Crossing the Commitment Line (Camp Meeting, 8/12/18)

Posted by on Aug 13, 2018 in Pitman Camp Meeting, Sermons, Worship & Prayer | 0 comments

Richwood United Methodist Church hosted the Pitman Camp Meeting on 8/12/18.   Experience from previous Camp Meeting Summers tells us that when Richwood comes, it means that that the entire auditorium stage will be covered with musical instruments and equipment.  It means that the whole Grove will filled with the sounds of prayer and worship lead by Richwood’s Praise band, “Sanctified” (and that the music will begin long before the 7:30 PM opening of the service!) 

Richwood’s hosting also means that we will hear a great message from Rev. Steve Herman, the pastor of Richwood UMC.   

Richwood is one of the annual host churches for the Camp Meeting; we’ve come to expect a powerful effort from them.  And once again, they teamed up with the Holy Spirit and delivered!



Richwood’s praise and worship band, called “Sanctified” (“Like” their Facebook page!) is one of the most established in our area… and probably the largest and most equipped musical group that comes to the Grove during the Camp Meeting Season.  And this year, they didn’t disappoint!  With about 10 members and a large screen displaying the song’s lyrics, their presence on stage took a “concert” and turned it into a true experience of prayer and worship.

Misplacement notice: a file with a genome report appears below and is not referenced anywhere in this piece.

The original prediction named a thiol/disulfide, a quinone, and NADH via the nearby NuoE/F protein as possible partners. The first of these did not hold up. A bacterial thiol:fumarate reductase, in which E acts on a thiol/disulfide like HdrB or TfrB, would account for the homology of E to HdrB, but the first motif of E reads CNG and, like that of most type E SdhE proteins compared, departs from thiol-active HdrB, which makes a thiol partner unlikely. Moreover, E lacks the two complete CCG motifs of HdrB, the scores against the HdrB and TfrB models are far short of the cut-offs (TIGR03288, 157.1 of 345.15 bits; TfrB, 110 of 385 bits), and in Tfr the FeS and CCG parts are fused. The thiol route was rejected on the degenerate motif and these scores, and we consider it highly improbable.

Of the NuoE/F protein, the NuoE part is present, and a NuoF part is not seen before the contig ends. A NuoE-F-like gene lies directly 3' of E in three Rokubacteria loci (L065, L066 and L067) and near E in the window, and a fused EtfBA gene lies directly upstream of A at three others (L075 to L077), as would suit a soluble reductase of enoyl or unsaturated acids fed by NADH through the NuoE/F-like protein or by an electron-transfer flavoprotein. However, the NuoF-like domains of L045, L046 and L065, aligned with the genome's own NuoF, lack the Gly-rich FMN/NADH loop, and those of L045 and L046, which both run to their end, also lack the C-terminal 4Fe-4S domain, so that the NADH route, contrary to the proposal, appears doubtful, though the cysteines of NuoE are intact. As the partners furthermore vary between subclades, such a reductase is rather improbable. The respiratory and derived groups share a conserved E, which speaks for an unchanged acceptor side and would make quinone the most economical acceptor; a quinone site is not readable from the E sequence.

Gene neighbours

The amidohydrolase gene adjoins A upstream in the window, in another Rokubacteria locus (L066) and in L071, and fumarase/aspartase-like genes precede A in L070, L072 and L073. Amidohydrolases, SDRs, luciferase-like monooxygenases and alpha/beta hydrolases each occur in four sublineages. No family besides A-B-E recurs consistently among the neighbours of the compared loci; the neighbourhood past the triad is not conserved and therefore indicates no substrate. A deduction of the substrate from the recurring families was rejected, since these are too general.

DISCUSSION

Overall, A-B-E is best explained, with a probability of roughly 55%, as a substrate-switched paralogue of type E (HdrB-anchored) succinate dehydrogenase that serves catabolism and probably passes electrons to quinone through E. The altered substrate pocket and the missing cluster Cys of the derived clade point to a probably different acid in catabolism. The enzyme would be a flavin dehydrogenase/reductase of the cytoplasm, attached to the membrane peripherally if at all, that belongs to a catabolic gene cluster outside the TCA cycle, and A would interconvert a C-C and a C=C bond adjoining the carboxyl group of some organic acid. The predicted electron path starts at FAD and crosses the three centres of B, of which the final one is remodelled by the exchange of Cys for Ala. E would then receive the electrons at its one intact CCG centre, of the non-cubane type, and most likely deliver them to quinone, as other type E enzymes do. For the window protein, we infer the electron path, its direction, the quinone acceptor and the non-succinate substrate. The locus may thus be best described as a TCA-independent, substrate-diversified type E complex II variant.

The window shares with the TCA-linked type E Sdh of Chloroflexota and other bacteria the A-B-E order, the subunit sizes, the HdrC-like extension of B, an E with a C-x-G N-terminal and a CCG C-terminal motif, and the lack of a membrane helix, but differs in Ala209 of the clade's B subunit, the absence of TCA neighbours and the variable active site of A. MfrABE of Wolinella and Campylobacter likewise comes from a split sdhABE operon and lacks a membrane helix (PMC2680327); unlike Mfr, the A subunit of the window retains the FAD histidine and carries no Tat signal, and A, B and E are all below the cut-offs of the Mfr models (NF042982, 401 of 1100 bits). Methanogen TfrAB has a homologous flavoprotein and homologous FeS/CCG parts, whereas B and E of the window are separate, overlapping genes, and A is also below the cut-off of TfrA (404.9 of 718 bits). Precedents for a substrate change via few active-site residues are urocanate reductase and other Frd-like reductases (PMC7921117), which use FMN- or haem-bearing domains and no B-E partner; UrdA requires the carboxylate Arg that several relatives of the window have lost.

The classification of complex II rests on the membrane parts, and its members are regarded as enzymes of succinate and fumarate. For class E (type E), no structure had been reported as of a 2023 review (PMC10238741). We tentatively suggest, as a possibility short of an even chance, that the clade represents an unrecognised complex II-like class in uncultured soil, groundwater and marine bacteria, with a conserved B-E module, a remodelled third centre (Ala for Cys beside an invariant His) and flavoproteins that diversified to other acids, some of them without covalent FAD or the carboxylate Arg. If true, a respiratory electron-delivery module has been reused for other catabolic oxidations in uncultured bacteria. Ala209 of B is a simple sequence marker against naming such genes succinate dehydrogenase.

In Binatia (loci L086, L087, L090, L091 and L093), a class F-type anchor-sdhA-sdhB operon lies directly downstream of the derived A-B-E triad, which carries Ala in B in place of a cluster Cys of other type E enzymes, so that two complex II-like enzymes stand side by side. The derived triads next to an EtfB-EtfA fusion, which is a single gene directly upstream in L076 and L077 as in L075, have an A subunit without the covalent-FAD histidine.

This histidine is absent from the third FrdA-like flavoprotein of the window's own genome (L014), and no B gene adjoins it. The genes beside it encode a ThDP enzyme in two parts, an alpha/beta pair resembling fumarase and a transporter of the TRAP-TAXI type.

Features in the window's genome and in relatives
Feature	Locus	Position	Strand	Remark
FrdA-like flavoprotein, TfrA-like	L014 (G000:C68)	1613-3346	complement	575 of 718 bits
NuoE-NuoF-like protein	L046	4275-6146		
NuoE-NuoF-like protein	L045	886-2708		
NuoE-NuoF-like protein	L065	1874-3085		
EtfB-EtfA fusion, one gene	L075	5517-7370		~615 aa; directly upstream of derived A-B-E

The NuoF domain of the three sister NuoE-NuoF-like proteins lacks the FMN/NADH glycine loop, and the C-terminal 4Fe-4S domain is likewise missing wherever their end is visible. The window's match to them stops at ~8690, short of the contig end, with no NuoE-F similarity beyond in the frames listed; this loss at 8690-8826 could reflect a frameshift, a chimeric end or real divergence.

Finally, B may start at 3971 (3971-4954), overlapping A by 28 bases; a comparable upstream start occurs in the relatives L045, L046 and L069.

They opened the service with a couple of songs (including, of course, “In the Garden”), and then lead a prayerful time of music after Rev. Herman’s message.  Here’s a taste of some of the titles and lyrics:

  • You Are the Hands of God
  • Let’s Go Down to the River
  • In My Broken Prayers (You want my tears)
  • My Hope is in You Alone (Dedicated to their hospitalized bass player)  I know You are able (to heal), but even if You don’t, my hope is in You alone…. It is well with my soul!
  • Tonight (Your love is deep and wide…. I will rest in Your arms tonight… Oh, I’m found in You)



Rev. Steve Herman is one of the “regular” speakers at the Pitman Camp Meeting.  For many years he has been asked to serve, and for many summers he has said “yes.”  Speakers are lined up in March-April, and when someone agrees to take an evening they are committing to be at the service in July or August.

Commitment.  There’s a point where there’s no turning back.  We like to say things like “someday”, “I’ll think about it”,  “sounds like a great idea,”  or “Let me get back to you.”  But we can’t stay in that limbo land forever.  There comes a time when we must say either “Yes” or “No.” 

In this year’s church softball season, they tried to make things safer by avoiding collisions at home plate.  So they have a rule which places a “tag plate” up the third base line from home plate  There’s no sliding into home plate; everything is a force play.  To differentiate between “rounding third base” and “running to home plate”, they drew a “Commitment Line” in the dirt just past third base.  Once you cross that line, you’re on your way to home plate.  If you don’t get to the tag plate before the ball does, you’re out.

Commitment.  There comes a point when we have to say “Yes” or “No.”  We see many examples in life:

  • Sports
    In any sport there are examples of when you’re committed to stealing a base, or taking a shot on goal, or diving off the board.  Once you take that step, or run, or jump, there’s no turning back.
  • Education
    Once you choose your major, you’re committed to complete the 2, 4, or 8 years it takes to earn your degree.
  • Marriage
    Once you say “I Do” you are committed until “death do we part.”